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Controlling Blowby in Diesel Engines

Every engine has some level of blowby, but when it comes to large diesels, the concern is amplified. When you combine a large cylinder bore, high cylinder pressure through turbocharging, many hours of use and marginal maintenance, excessive blowby is the result.

The leakage of any combustion gases, air, or pressure into the engine’s crankcase is considered blowby. On a large diesel, about 60% of the blowby enters the crankcase by going past the piston rings. This occurs when the pressure differential in the cylinder bore is the greatest compared with the pressure in the oil pan. Thus, blowby is highest during the engine’s expansion (power) stroke and, secondly, during the compression stroke.

In addition, blowby is intrinsically linked to engine temperature and load. When measured in cubic feet per minute (cfm), a 12-liter engine in good mechanical condition can experience at idle 1.5 cfm of blowby at normal operating temperature but 3.5 cfm when cold. Under full load, the blowby may be 2.7 cfm.

The remaining 40% of blowby comes from sources that most do not consider, such as the turbocharger or the compressor for the air brakes on a truck. When diagnosing an excessive blowby condition, you need to look at any components on the engine that are linked to engine oil and, thus, the crankcase. 

The source of the blowby will determine how it presents and the potential long-term implications. Blowby that goes past the piston rings not only pressurizes the oil pan but also introduces combustion gases that contain unburned fuel, particulate matter, and oxides of nitrogen emissions. They also create condensation due to the temperature differential of combustion gases and the crankcase.

When mixed with engine oil, blowby produces sludge and acids that attack all engine parts. The unburned fuel dilutes the lubricity and viscosity of the engine oil, attacking engine bearings, the valve train, and cylinder walls.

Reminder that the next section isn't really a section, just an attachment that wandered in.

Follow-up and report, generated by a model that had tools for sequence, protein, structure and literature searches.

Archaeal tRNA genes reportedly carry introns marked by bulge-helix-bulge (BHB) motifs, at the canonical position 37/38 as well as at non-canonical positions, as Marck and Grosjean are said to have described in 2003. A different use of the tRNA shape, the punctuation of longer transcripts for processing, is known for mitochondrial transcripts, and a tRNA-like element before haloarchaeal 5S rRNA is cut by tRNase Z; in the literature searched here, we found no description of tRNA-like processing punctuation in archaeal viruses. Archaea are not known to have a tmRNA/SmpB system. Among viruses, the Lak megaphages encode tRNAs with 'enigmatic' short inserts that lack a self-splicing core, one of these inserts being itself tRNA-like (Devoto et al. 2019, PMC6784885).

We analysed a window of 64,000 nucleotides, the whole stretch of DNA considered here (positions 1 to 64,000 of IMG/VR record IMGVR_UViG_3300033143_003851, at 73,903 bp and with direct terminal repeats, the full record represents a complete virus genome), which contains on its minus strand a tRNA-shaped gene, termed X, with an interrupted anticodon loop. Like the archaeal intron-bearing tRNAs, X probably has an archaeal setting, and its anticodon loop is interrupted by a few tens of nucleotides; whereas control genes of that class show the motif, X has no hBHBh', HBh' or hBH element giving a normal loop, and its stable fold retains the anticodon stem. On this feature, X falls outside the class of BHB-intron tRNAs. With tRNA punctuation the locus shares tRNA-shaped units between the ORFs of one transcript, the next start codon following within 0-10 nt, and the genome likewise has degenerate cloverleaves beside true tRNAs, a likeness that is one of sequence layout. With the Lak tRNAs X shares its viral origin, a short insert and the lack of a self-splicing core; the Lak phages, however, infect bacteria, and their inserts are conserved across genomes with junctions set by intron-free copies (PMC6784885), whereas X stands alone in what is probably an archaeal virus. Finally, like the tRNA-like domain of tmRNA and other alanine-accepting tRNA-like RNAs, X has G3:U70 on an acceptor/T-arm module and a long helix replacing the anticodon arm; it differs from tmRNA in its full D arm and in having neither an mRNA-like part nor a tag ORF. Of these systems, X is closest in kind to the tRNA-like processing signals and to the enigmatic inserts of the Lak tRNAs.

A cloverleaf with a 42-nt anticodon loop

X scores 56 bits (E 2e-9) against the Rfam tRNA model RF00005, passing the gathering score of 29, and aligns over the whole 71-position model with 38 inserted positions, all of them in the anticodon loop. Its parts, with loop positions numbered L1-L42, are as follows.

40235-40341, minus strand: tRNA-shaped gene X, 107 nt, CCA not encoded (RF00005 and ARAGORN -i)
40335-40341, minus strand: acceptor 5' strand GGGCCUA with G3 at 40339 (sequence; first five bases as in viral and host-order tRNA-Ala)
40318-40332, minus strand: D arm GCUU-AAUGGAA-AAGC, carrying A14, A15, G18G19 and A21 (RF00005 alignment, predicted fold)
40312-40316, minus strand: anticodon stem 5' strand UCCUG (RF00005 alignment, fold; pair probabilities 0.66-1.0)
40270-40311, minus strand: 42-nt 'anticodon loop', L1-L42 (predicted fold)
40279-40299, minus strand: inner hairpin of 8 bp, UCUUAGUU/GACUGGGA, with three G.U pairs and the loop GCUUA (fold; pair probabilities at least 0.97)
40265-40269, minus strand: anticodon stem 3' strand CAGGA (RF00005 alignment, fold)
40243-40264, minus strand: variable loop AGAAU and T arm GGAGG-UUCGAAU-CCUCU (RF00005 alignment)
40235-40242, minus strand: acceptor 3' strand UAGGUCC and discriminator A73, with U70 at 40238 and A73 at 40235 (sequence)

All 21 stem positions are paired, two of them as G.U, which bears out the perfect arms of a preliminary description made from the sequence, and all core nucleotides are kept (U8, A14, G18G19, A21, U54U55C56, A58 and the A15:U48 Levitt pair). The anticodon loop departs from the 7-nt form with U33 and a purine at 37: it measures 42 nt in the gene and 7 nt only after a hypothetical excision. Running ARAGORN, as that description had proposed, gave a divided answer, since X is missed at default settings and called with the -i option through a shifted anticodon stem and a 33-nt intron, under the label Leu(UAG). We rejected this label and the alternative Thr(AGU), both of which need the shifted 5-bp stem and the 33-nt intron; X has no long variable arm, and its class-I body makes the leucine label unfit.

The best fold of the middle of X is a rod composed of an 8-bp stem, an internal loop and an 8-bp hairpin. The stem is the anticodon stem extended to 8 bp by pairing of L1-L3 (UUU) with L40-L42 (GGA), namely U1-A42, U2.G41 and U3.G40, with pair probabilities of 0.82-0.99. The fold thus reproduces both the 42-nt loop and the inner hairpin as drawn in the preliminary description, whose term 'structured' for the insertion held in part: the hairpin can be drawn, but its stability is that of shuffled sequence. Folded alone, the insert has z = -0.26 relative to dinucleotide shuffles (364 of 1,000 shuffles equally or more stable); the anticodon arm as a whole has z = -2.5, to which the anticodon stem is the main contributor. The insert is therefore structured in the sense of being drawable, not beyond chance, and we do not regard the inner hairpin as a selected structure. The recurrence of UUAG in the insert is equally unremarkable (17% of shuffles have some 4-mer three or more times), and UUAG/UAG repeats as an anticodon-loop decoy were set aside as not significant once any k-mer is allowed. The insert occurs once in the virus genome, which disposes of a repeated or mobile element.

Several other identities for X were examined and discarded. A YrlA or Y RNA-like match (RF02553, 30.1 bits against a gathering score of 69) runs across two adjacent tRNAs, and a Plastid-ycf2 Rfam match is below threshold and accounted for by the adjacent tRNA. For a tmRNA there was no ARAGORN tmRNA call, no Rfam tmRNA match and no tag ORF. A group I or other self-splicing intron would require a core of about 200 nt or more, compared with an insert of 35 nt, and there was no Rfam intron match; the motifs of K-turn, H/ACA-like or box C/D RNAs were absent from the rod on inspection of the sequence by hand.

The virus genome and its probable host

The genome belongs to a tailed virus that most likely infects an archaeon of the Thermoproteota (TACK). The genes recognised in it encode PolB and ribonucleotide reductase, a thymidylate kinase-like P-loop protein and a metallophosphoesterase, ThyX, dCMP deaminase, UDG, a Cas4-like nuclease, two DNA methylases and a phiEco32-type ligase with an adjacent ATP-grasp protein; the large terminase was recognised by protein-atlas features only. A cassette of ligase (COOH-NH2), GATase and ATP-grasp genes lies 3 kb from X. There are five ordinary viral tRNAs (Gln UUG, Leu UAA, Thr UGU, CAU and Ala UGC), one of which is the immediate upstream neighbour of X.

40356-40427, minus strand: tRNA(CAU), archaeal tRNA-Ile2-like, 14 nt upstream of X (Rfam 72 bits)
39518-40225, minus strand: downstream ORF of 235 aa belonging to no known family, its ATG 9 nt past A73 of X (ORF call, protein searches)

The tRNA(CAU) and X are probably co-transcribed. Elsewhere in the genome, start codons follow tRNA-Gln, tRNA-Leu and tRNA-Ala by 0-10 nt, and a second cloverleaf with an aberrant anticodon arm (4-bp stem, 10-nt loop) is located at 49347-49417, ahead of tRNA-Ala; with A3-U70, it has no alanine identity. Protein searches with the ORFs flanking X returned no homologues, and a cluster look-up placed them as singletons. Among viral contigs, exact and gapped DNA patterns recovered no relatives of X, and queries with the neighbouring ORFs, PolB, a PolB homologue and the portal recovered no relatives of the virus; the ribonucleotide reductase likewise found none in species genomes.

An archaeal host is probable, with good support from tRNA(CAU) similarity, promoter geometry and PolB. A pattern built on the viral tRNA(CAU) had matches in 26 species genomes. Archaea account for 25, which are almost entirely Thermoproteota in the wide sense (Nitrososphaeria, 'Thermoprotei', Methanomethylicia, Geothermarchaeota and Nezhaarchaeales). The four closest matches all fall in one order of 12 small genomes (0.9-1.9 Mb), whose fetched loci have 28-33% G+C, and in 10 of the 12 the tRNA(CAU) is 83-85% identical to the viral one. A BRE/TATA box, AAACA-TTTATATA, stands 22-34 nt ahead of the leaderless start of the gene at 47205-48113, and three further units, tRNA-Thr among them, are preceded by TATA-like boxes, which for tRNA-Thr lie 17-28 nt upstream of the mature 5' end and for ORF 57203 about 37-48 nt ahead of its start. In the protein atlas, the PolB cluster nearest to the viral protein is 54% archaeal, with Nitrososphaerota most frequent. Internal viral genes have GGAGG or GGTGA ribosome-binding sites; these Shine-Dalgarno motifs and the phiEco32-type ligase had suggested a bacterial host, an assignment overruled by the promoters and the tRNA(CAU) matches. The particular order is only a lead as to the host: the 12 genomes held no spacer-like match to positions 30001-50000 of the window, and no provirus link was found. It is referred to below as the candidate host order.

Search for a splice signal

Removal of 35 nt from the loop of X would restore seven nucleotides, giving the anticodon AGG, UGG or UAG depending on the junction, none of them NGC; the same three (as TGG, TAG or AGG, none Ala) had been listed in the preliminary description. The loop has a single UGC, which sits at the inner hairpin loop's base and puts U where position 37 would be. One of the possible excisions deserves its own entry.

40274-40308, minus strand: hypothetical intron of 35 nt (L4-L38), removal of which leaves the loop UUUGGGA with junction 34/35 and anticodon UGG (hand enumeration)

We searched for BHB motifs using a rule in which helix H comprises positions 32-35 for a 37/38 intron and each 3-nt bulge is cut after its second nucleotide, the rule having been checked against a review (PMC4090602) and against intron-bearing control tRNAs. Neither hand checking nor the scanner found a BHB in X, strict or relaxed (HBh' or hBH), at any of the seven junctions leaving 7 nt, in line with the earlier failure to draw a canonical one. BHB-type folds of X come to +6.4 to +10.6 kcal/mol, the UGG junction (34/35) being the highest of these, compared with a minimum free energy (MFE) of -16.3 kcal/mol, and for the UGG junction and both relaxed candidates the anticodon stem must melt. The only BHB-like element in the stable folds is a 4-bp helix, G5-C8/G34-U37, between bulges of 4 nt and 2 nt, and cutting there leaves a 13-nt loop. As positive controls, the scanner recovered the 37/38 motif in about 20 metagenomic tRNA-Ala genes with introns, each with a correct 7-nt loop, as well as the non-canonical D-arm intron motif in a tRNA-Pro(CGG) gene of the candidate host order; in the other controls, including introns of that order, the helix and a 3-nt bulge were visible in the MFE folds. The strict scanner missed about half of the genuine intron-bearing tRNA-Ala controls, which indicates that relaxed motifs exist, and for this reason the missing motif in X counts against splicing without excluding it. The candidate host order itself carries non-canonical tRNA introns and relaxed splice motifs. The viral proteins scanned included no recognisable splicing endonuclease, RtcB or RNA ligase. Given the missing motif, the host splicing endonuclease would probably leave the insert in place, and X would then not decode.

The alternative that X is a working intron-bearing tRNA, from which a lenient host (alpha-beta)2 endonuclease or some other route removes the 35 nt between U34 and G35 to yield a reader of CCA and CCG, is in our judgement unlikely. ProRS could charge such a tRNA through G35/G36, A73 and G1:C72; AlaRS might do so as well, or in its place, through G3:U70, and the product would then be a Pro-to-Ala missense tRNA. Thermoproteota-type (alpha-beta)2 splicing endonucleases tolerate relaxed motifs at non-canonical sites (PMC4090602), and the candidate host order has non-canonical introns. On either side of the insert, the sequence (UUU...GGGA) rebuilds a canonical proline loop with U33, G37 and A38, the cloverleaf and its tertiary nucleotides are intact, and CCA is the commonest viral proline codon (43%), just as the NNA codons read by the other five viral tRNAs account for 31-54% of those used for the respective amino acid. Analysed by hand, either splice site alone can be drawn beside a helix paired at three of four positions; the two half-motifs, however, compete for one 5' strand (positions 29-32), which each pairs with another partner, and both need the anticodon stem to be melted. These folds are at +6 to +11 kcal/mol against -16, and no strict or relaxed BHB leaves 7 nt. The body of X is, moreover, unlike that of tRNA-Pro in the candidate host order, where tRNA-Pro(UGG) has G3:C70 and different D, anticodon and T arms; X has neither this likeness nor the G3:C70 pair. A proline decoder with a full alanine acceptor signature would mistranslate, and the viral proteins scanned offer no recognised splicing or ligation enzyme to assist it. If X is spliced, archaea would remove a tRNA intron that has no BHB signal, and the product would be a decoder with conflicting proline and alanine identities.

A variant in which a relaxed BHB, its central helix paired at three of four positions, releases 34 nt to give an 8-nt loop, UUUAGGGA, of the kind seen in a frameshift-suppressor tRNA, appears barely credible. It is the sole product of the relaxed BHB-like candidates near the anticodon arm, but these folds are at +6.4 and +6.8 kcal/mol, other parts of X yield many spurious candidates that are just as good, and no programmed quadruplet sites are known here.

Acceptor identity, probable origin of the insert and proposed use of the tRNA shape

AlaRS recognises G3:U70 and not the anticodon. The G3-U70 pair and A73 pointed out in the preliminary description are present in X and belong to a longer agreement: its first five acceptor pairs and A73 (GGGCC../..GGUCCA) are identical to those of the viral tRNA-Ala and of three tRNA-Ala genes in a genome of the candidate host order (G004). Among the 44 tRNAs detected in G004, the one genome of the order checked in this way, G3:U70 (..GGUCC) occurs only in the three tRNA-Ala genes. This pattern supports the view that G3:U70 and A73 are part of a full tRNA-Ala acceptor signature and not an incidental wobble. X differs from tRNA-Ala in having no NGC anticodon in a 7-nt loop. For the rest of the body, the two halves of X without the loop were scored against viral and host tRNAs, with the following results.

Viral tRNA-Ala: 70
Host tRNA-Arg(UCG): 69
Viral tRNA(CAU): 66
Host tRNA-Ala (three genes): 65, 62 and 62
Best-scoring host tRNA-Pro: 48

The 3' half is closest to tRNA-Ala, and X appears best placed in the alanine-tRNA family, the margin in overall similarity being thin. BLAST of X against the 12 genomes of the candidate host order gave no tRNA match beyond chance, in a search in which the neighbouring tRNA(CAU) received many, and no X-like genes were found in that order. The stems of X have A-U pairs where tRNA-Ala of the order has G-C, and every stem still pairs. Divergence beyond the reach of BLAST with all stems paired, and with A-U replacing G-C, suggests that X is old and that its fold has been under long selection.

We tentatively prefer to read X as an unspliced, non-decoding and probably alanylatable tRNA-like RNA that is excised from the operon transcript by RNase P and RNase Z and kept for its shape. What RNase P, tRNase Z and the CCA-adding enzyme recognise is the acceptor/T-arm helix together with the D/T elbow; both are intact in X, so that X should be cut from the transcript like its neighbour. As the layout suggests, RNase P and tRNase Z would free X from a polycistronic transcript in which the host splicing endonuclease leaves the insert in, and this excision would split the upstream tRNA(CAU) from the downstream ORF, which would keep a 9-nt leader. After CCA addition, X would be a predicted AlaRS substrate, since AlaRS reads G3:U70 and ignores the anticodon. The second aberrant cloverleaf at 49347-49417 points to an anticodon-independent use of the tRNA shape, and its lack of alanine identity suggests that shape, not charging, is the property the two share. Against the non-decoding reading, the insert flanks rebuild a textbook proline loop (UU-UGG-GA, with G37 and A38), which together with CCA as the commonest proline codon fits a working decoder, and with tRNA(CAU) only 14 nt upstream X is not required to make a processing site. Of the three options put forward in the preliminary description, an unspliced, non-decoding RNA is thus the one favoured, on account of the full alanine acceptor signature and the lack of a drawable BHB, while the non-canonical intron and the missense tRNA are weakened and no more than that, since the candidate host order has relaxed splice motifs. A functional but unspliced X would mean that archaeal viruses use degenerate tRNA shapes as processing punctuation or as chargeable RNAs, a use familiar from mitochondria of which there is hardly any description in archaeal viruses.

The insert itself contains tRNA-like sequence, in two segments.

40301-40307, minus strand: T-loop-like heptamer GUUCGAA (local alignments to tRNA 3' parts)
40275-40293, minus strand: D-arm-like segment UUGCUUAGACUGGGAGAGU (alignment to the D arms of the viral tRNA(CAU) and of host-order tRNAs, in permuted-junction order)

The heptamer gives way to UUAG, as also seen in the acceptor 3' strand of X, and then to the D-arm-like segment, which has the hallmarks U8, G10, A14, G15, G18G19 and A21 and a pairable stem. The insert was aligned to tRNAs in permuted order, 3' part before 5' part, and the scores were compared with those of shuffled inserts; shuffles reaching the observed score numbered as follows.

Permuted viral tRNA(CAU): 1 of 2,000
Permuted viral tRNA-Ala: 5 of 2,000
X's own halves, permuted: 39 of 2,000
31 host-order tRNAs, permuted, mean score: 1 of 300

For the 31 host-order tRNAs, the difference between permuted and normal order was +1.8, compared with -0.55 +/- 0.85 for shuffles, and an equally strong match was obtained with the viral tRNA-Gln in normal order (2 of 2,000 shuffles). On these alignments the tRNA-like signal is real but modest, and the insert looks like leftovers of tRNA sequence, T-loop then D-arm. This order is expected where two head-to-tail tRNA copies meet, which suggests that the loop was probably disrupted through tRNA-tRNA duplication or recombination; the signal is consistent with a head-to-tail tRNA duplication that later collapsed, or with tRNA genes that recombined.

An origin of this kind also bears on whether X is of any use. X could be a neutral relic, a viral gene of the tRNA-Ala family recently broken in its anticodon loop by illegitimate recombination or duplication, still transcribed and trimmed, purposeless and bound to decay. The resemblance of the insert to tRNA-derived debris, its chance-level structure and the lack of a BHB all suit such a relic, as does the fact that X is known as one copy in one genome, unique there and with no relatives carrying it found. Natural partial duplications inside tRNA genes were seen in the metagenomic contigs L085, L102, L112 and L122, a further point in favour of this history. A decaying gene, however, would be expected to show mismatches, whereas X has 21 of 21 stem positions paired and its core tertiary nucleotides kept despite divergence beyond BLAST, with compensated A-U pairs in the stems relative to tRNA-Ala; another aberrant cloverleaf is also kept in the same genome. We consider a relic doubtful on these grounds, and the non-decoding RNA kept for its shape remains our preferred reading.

When equipped with an engine brake, higher-than-normal blowby will be induced when the system is engaged. When evoked, the piston moves around and the rings flutter, allowing them to lose their seal. The engine brake is meant to help stop the vehicle and decrease friction wear, but it shouldn’t be used excessively.

Blowby tears the oil from the piston and rings. At first it vaporizes and then it becomes an aerosol, which you see as a film or fumes around the crankcase vent tube. 

The key to minimizing blowby is rooted in one word: sealing. An excellent seal needs to be created and maintained between the piston rings and the cylinder wall along with the other areas such as the turbocharger and, if applicable, a compressor. Keep the combustion gases and pressure where they are supposed to be, and blowby won’t be a concern.

Since every engine has some level of blowby, the crankcase needs a way to breathe. This is challenging with a turbocharged diesel vs. a normally aspirated gas engine since a PCV valve can’t be employed. A heavy-duty diesel, depending on its use and age, may have an open vent pipe. This is nothing more than its name implies. Its task is to relieve the pressure in the crankcase; it does little to remove any combustion gases or moisture. Newer engines may employ some style of separator, and that is considered a closed system. With this design, the engine oil is separated out and the combustion gases are fed back into the induction system. The oil is removed so it doesn’t damage the vanes on the turbocharger compressor wheel and foul the heat exchange capability of the intercooler. Some engines may have an oil separator and an open vent pipe. 

Familiarize yourself with the crankcase ventilation system function on every one of your diesels. If it fails, the engine will, over time, experience excessive wear and be prone to oil leaks from the pressure in the oil pan.

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